Following a quiet start to the year, the second quarter picked up the pace and brought the first real assortment of major renewals to the market.
From our analysis of the second quarter, and our knowledge of forthcoming July renewals that have concluded or are in the final stages of completion, all indications suggest that the aviation insurance market has changed little in the first half of 2018.
Most airline renewals continue to experience upwards pricing pressure in-line with the on-going underwriting discipline and three-tier market conditions. Underwriters remain resilient, maintaining or increasing premiums and resisting rate reductions, or at least limiting them to single-digits.
Some underwriters would suggest that this upwards momentum has not been enough, mindful of meeting year end management expectations, but ultimately this position could prove to be more sustainable long-term as opposed to hard-line reactions.
In terms of capacity, the market is generally stable, at least for now. In recent months we have observed further market personnel moves, staff consultations and another market (WR Berkley) has ceased writing airline business altogether. We have also seen withdrawals in other sectors including general aviation.
Industry consolidation remains a hot topic of market conversation and it would seem likely that further activity can be expected, following recent announcements by the owners/shareholders of MSF Pritchard, Chaucer, Starstone and Atrium that they are exploring their options in respect of the future of these businesses.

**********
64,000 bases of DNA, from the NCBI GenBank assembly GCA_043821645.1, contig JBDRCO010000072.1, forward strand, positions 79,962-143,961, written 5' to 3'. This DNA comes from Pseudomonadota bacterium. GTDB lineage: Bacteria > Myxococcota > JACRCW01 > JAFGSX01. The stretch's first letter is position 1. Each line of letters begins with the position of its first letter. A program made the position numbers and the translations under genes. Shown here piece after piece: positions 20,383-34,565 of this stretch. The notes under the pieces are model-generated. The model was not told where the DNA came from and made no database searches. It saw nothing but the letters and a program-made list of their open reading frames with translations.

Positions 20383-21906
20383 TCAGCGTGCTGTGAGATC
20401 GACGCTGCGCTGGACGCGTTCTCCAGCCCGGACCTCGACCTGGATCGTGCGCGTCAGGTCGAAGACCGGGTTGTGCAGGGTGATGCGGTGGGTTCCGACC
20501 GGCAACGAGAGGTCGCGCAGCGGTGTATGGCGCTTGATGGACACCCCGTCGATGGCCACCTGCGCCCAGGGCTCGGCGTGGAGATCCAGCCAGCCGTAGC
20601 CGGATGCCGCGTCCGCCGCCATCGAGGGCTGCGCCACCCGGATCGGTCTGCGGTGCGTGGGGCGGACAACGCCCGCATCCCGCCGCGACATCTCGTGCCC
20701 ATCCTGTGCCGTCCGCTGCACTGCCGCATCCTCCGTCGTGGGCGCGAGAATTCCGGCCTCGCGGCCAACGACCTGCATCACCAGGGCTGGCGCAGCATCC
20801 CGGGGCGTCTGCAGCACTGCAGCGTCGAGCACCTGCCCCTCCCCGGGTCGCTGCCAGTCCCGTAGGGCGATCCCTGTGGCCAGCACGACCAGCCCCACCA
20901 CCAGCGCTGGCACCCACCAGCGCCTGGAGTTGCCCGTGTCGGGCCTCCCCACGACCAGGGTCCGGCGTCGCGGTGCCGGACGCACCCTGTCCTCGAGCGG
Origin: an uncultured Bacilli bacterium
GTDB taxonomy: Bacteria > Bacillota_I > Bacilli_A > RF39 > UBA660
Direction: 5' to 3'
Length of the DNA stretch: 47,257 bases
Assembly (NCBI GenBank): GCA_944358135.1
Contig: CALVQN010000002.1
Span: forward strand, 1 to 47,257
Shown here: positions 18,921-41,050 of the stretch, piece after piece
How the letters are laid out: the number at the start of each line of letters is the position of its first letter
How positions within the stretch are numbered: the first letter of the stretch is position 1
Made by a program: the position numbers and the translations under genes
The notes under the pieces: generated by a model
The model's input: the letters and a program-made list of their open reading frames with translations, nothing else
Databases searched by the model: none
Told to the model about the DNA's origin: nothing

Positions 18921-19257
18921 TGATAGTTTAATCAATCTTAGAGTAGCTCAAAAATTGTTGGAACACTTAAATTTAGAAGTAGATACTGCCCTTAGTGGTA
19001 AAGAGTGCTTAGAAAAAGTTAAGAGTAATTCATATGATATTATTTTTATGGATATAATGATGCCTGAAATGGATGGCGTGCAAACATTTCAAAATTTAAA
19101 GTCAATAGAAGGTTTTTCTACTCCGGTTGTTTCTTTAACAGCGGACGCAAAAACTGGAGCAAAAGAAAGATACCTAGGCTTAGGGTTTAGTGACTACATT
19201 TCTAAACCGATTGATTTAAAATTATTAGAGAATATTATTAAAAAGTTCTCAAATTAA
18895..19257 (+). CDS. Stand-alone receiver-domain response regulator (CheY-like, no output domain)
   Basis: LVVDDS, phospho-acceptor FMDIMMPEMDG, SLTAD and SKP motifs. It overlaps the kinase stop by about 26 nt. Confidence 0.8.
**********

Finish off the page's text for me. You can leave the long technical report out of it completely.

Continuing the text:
While at present these factors have had no initial effect we would anticipate some change in future dynamics and capacity levels in the coming months. It remains too early to predict just what this will be, but 2018 could prove to be a pivotal year for many companies and syndicates.
In terms of losses, most aviation insurers have been hit by airline losses in 2018. Of these, while the value of total losses has been relatively low, attritional claims have continued to be frequent and expensive. This issue remains a prominent area of concern to underwriters. Airline losses aside, there has also been some significant losses in other sectors such as general aviation and aerospace infrastructure.
So what can we expect for the rest of 2018?
While factors such as industry consolidation and major losses have the potential to cause volatility, our view in the short term is that market conditions will remain stable, albeit fragile. We expect that renewal negotiations will remain challenging and underwriters will be determined to hold their position as we grow closer to the markets key income renewal period.
For more information, please contact Steven Godfrey, Aviation National Specialty Leader, Managing Director at ClientFirst@jltcanada.com.